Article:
The first part of the citrus campaign has been characterized by the great volume available, although with small sizes and a lot of discards in the case of the Navelina and Clemenules due to the impact of a too dry summer and a moist autumn, with rains and dew.
“This second part of the season is radically different from the first (that of the Clemenules and Navelina) in terms of sizes and use of the fruit. We have reduced losses both in terms of quality and size, using more than 90% of the production. This means that we will still manage to maintain fresh sales at the same level as in recent years. Unless a catastrophe happens, we are facing a campaign with highly tasty fruit and very usable calibers,” said Quico Peiró, Operations Director of the Cañamás Group, which plans to sell around 120,000 tons this campaign.
The demand from customers and consumers was good during the months of September and October, and this trend continued until the first fortnight of November, when “consumption slowed down due, on the one hand, to the high temperatures recorded on the European continent at that time and, on the other hand, to an accumulation of the supply of varieties such as the Oronules, Clemenules, Clemenvilla, Salustiana and Navelina in the markets,” says Quico Peiró.
The impact of the second wave of the coronavirus in Europe has also caused fluctuations in consumption due to the constant changes in the restrictions of each country. In general, the consumption of fruits and vegetables grew by 10% in Spain in November compared to the same month of 2019 (according to the latest official data from the Food Consumption Panel of the Ministry of Agriculture, Fisheries and Food), since we spent more time at home and became more aware of healthy eating habits.
It should be recalled that the prices at origin of citrus fruits have risen significantly in the last week. “Prices simply have to be adjusted to reality, because we have just finished a first part of the campaign in which prices left much to be desired as a result of an excess supply in a market with limited demand. Let's hope that in this second part the demand and the supply will be more in balance and that the market will be more dynamic,” says Quico Peiró.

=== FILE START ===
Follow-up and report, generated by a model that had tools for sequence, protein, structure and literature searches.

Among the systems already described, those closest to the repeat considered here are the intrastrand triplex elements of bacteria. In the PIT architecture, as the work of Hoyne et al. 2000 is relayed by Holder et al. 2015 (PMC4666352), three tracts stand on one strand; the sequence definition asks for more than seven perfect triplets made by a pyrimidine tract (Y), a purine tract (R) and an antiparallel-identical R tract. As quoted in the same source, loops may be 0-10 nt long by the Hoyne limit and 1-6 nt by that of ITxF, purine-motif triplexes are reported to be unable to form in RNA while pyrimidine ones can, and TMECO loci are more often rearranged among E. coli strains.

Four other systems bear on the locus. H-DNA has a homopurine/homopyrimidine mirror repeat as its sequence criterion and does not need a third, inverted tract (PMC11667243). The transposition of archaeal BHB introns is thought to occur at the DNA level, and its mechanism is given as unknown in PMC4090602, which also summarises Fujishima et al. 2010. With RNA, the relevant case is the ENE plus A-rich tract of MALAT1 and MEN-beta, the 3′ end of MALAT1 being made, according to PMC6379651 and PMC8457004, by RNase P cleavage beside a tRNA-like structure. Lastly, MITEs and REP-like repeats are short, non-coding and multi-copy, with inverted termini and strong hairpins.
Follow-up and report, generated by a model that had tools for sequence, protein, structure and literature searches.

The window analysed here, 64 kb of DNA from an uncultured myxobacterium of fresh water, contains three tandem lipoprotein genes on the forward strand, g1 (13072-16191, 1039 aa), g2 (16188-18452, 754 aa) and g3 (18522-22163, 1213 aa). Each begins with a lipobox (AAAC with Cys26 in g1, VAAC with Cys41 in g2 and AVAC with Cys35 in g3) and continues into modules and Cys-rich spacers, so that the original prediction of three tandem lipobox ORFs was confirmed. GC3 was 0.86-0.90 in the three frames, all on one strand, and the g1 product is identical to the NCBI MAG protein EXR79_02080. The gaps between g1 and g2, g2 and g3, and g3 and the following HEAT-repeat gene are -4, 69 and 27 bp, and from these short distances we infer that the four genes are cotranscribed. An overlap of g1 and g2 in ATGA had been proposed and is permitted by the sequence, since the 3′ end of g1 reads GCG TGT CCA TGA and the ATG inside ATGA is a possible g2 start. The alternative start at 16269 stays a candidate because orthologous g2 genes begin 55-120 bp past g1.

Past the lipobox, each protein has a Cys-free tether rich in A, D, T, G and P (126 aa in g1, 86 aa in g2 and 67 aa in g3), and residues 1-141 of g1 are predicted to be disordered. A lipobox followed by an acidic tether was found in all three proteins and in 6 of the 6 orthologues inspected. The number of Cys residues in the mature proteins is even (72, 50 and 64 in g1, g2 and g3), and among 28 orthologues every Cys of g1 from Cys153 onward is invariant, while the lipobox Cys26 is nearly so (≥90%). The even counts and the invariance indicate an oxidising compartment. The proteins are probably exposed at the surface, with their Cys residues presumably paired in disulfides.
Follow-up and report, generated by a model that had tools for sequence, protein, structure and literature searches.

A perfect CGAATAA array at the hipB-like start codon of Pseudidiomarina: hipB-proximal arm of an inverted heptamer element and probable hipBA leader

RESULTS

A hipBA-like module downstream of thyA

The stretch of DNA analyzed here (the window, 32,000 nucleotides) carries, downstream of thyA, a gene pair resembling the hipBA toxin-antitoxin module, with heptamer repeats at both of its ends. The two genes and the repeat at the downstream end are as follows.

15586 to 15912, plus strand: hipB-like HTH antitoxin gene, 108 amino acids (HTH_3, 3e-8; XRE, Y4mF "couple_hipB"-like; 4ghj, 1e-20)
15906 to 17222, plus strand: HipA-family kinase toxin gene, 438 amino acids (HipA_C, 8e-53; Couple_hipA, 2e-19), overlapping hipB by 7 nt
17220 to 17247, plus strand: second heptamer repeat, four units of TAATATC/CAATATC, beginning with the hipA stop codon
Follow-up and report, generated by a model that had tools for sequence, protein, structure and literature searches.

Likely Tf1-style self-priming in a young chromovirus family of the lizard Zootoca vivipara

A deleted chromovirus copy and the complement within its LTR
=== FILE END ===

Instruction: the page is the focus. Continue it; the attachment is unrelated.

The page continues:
One of the aspects that make Europe, and especially France, the main destination for this company is the proximity. “This adds value to our citrus fruits and allows us to market products with a high taste quality; products that retain all their qualities from field to fork. And thanks to our distribution center in the Saint-Charles market in Perpignan we maintain a direct relationship with the French market and a point of connection with the rest of Europe. In this way, we have more room to adapt to changes in customer demands.”
“Despite the fact that Europe is our main customer, we are already developing new lines of business and offering our citrus and kakis in overseas markets. At the moment, all factors are favorable to prevent quality problems in long-distance exports. The quality of the fruit is exceptional in terms of taste, and the weather has so far been good. Therefore, if the product is handled properly, we shouldn't have to deal with problems of any kind,” says Quico Peiró.
More competition from third countries, especially Egypt
"The reality of our sector is that, in every sense, we are a European producer, with everything that this entails when it comes to respect to human rights, use of pesticides, use of plastics, adaptation of infrastructures for packaging and food safety. We also have the best product in the world in terms of taste. All this results in European customers clearly preferring Spanish citrus.”
“Now, it is true that Egypt is developing its citrus sector, but it is doing so, on the one hand, to the detriment of its Navel; a variety in which it is hardly representative anymore; and on the other hand, thanks to the increase in the consumption of citrus fruits in the European continent, since Spain has continued to export more than 3.6 million tons per year in recent years. What is clear is that, as long as we all work with the same legislative framework, and we must respect the same phytosanitary restrictions, we will be providing our clients with a great product adapted to their needs, and that is healthy competition," says Quico Peiro.